Franklin Delano Roosevelt, who had been nominated by the Democrats and campaigned on the government playing a more active role in addressing the crisis, needed only sit back and let the chaos of the moment unfold. It did. At the polls, Americans voted overwhelmingly to oust Hoover, who won only 59 electoral votes to Roosevelt’s 472, an even bigger landslide than Hoover’s 1928 victory. “Democracy is a harsh employer,” Hoover said of his defeat.
This massive shift in only four years — triggered by the worst economic collapse the country had seen and brought on by huge swings among labor and urban immigrant voters — changed American politics forever and redefined how we viewed the federal government’s role in our lives. Democrats were in control of the executive branch for the first time in over a decade, and a dramatic sweep of Congress made Roosevelt the first Democratic president in 80 years with a congressional majority.
With that popular mandate, Roosevelt immediately began to enact his “New Deal” — a collection of domestic programs, reforms and projects — for the American people. Transformative legislation flew through Congress, including laws that gave the federal government the power to oversee banking, to make loans to homeowners, to pay farmers not to produce, and to provide public jobs for those who needed work. In the first 100 days of his administration, the federal government that had been a mostly passive observer of the people’s problems became an active force in trying to solve them.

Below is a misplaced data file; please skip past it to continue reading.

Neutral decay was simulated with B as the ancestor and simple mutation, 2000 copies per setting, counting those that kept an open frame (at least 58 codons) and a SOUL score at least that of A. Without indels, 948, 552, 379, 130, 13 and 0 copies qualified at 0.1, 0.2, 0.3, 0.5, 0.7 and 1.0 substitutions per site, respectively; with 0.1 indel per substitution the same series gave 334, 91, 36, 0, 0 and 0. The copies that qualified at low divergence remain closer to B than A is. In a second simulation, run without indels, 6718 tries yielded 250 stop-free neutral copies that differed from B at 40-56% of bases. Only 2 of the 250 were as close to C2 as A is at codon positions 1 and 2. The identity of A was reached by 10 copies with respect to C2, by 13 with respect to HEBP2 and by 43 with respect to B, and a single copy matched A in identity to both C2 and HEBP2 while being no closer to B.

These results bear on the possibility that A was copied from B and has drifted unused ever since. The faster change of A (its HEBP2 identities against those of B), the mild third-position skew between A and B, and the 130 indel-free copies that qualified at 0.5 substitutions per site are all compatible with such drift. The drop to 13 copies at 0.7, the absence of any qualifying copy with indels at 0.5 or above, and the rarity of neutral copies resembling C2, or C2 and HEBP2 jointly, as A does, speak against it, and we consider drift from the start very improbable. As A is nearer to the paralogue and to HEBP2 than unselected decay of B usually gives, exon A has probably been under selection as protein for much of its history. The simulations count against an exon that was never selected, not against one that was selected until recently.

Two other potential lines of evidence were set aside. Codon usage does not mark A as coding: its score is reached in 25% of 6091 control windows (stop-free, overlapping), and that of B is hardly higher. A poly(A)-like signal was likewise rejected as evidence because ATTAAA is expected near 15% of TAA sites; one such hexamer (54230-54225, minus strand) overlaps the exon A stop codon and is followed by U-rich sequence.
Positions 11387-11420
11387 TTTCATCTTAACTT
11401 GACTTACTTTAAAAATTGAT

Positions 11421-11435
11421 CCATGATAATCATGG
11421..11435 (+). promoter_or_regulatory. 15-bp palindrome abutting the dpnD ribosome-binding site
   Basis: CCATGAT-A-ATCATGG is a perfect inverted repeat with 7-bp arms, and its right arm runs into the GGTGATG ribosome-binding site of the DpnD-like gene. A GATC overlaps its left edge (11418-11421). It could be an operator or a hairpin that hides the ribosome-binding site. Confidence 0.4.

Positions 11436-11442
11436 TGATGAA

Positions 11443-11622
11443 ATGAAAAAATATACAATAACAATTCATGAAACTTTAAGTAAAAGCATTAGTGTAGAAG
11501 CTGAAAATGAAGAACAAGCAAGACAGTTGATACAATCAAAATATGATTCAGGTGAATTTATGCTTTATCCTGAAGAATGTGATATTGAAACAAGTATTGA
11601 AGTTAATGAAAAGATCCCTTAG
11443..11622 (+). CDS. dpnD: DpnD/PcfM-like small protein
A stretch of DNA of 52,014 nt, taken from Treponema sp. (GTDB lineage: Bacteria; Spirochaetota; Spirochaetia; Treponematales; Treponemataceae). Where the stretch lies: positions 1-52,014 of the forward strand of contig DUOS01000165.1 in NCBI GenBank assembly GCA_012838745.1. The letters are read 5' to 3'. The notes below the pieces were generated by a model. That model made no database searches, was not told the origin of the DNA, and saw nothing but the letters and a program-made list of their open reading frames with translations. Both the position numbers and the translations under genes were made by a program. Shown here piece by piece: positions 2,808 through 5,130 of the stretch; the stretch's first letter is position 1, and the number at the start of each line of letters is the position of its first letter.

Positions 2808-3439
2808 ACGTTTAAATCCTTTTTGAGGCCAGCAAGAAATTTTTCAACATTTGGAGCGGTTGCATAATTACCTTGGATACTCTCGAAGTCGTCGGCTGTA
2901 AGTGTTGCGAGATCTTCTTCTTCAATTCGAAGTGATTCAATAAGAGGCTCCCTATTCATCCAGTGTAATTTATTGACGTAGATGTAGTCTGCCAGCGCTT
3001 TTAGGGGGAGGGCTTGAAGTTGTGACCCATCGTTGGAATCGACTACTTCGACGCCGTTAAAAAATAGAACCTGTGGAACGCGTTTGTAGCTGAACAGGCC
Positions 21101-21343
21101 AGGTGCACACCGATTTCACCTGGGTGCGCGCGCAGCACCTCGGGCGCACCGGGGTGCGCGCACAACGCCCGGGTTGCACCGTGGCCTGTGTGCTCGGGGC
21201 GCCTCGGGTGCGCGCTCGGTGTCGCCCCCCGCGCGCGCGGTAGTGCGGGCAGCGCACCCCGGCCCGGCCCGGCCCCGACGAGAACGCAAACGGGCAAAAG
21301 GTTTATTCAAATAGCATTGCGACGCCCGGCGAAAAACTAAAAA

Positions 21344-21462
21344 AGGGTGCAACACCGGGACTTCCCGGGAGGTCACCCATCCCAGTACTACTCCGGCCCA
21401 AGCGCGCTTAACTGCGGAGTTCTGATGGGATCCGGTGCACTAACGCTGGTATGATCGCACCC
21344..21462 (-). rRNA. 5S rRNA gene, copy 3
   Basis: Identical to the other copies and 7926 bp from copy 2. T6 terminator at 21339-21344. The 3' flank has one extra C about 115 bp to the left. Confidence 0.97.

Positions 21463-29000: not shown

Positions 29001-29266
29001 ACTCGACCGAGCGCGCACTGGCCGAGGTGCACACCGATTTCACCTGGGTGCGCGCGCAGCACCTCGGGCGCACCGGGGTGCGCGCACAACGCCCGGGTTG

And yet, as the 1936 election approached, the crisis continued.
On the campaign trail, as he struggled to lift the country out of the greatest economic cataclysm in history, Roosevelt, unlike Hoover, found a way to speak not just to his party, but to connect beyond it. He preached humanity first, and the people heard him.